There are no more typing pools, less people doing menial mechanical and clerical tasks, while new roles have arisen to develop and service the growing infrastructure and content industries like the Web and e-commerce.
But what has happened to those in the workplace? In marked contradiction to the promise of more time, they seem to be working longer hours, playing less and spending even less time with their families.
At a Commonwealth sponsored "Men and Family Relationship" conference which was held in Canberra last month, renowned sociologist Professor Don Edgar from the centre for Workplace Culture and Change at RMIT called for major structural changes to allow men and women to balance their home and work life.
In his opening address, Professor Edgar said: "If work is allowed to swallow up our lives and make us consumers rather than caring citizens, our future is bleak indeed."
I couldn't agree more.
I would suggest that we need to start looking at the value we place on our lives. We need to have a balance in life to ensure that our home life, work life and professional life are all in perspective and that work does not overly dominate or limit the other two.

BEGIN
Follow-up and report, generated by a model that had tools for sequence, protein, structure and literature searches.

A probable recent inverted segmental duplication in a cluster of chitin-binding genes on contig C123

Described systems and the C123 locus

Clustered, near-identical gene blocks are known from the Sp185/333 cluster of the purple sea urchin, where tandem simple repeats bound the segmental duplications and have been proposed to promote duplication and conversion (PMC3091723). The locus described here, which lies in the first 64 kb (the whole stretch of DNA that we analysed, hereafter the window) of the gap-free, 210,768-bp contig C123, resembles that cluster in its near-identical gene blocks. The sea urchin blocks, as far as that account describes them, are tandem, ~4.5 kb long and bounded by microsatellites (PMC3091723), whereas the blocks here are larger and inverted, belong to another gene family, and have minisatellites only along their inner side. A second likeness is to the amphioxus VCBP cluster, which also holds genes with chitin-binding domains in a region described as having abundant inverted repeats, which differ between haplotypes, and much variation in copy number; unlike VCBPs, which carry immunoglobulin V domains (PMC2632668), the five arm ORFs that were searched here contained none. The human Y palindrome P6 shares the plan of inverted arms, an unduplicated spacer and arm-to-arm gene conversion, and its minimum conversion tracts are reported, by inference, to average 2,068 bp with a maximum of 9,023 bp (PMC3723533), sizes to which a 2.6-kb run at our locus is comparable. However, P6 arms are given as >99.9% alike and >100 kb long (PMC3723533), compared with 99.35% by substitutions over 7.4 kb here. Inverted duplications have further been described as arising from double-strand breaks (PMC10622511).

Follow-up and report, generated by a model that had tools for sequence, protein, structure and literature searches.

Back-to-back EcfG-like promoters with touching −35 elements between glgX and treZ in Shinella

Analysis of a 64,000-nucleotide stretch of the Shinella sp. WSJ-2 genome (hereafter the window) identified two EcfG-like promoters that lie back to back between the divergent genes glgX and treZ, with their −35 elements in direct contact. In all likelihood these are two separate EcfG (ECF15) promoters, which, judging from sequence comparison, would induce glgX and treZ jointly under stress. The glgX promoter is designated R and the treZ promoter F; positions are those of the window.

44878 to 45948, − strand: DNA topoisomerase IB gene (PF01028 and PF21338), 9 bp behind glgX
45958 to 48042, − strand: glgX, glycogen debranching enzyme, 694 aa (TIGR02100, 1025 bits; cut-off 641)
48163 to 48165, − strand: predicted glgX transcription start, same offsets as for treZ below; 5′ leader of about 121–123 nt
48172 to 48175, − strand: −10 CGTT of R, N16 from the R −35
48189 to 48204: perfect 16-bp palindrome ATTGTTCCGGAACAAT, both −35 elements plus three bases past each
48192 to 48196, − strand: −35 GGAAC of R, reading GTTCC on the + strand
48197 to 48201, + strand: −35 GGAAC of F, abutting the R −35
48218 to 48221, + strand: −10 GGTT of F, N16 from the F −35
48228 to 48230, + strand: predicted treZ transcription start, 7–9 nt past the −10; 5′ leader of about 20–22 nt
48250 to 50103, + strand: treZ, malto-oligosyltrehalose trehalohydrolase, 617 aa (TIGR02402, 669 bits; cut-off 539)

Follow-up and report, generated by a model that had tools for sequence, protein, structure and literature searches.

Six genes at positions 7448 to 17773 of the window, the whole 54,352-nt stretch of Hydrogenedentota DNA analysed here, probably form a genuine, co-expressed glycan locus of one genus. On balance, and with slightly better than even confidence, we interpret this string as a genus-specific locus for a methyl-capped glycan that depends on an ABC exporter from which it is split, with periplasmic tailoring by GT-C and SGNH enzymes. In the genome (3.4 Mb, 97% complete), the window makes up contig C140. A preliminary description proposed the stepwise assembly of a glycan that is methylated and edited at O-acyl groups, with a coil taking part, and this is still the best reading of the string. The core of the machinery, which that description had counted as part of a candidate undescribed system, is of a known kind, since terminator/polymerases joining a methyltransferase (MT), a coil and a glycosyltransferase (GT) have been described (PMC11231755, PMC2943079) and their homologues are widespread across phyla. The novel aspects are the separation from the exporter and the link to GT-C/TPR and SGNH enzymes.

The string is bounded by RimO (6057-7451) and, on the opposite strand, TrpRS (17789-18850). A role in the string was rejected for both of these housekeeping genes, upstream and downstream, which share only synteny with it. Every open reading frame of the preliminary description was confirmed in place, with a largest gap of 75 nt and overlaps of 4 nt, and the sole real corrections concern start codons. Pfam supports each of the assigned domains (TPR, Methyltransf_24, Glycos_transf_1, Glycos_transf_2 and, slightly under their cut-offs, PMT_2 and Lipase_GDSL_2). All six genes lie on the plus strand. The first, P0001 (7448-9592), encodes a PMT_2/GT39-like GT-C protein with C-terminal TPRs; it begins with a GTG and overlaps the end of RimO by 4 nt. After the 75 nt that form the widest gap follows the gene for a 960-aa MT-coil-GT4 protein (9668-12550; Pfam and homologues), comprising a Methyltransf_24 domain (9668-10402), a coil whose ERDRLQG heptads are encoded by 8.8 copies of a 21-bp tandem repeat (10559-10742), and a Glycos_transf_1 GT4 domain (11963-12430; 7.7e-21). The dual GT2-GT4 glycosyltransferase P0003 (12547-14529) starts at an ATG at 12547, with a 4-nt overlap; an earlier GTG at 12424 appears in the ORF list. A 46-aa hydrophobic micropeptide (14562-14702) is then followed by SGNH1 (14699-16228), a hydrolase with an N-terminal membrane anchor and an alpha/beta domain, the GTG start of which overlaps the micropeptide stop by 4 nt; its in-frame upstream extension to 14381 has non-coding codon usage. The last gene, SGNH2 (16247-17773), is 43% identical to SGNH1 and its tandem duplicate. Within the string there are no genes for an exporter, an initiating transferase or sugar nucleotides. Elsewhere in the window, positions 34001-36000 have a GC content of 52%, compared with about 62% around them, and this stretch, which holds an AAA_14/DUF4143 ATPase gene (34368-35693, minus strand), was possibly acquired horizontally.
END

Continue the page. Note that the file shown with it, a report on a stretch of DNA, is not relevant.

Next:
Most people understand the issues when we talk about home life and work life.
But what of professional life? By this I mean the time you commit to meeting with your colleagues and peers, to your on-going professional development, to the contribution you make to the profession in which you work.
The ACS has noticed a definite decline in the ability of members to participate in the professional life as they try to gain more time for their work and home lives.
I am not saying that you should in any way compromise your home life. If anything, I would encourage you to spend as much time as possible with your families because these are the people who really count to us as individuals.
However, in relation to your work I would encourage you to reconsider how you organise this part of your life.
Your professional life needs to be an integral component of your work life. What I am saying is rather than work longer at work, you need to work smarter. Working smarter means leveraging all the resources at your disposal and as an ACS member, the resources are considerable.
This means that you should:
Update your knowledge and skill through the most efficient means -- attend PD activities rather than trying to teach yourself;Build up your network of colleagues -- utilise the power of networks to solve problems; andUtilise your 16,000 peers in the ACS and the collective other resources of the ACS to help you with your job -- after all, why reinvent the wheel?
Building up your professional life will enable you to work smarter, work shorter hours and spend more time with those people who make life worth living. Think about it.
Prins Ralston is president of the ACS